Pregnancy intervention programs have the goal of deterring teenage pregnancies. These programs provide educational resources and in many cases include lifelike robot babies. Teenage girls are given the baby simulators for several days with the intention of demonstrating the difficulty of caring for a baby. However, a new research study suggests that these baby simulators have the opposite affect: girls that were given the baby simulators were 36 percent more likely to become pregnant than girls who participated in the study who received only educational intervention. Researchers propose several reasons for this unintended affect. Among the reasons are the short time frame that the girls have to care for the simulated babies does not allow enough time for the long-term impact of caring for a baby to be realized. This may suggest that caring for a baby may be easy and fun. Also, the baby simulators attract a lot of positive attention from friends and family that girls may find desirable.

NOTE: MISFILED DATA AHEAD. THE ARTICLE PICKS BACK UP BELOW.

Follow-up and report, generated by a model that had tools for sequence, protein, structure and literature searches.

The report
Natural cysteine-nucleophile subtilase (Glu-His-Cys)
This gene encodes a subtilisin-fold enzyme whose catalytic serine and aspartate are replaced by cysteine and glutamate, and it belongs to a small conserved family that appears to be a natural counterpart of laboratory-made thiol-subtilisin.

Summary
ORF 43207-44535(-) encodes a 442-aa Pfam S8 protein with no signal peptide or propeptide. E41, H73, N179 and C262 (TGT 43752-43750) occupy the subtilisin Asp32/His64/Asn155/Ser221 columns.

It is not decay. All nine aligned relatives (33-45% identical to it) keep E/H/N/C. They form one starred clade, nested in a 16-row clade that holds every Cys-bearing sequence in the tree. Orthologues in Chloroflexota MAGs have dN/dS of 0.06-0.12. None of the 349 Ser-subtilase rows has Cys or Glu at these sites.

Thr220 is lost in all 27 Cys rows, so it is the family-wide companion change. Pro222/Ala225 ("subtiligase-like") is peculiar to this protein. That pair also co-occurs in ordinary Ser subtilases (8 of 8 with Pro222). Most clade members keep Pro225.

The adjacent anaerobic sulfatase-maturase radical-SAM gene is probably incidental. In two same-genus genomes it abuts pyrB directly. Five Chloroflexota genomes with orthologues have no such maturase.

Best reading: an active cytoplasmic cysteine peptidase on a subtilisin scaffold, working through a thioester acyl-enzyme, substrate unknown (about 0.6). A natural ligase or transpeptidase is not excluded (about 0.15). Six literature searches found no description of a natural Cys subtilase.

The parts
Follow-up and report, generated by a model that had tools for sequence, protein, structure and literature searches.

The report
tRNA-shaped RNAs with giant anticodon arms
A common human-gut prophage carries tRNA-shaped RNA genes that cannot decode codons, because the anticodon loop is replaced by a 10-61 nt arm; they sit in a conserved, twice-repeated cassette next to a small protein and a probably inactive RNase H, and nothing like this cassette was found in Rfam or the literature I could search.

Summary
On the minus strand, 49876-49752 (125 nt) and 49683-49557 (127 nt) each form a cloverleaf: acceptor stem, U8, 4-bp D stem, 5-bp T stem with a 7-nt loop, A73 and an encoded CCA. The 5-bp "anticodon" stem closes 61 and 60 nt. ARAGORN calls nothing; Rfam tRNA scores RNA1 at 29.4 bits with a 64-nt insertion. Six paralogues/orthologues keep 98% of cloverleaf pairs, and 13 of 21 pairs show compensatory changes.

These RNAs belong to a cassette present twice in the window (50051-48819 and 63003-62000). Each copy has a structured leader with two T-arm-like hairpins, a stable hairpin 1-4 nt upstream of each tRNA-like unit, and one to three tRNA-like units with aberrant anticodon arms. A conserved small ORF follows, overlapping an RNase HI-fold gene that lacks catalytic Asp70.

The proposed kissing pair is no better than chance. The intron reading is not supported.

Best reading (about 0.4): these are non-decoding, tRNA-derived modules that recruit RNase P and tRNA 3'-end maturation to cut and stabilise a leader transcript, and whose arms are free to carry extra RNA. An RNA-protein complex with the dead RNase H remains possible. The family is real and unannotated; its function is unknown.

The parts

- 1These results run counter to the intention of the program, which has been implemented in as many as 89 countries worldwide. It should make school districts think twice about employing baby simulators in their pregnancy prevention efforts, Brinkman said.
- 2For this study, more than 1,260 girls aged 13 to 15 in the Perth, Australia metropolitan area took a six-day pregnancy prevention class that included taking home the baby simulator for a weekend. Another 1,567 girls participated in the control group and received standard health education.
- 3Based on what’s known about the developing teenage brain, it’s very likely that girls caring for a baby simulator would come to the “counterintuitive” conclusion that motherhood might be easy and fun, said Bill Albert, chief program officer of the National Campaign to Prevent Teen and Unplanned Pregnancy in Washington, D.C.
Australian girls given a baby simulator for a weekend were 36 percent more likely to become pregnant during their teenage years, compared to girls in a control group who only received standard health education, researchers found.
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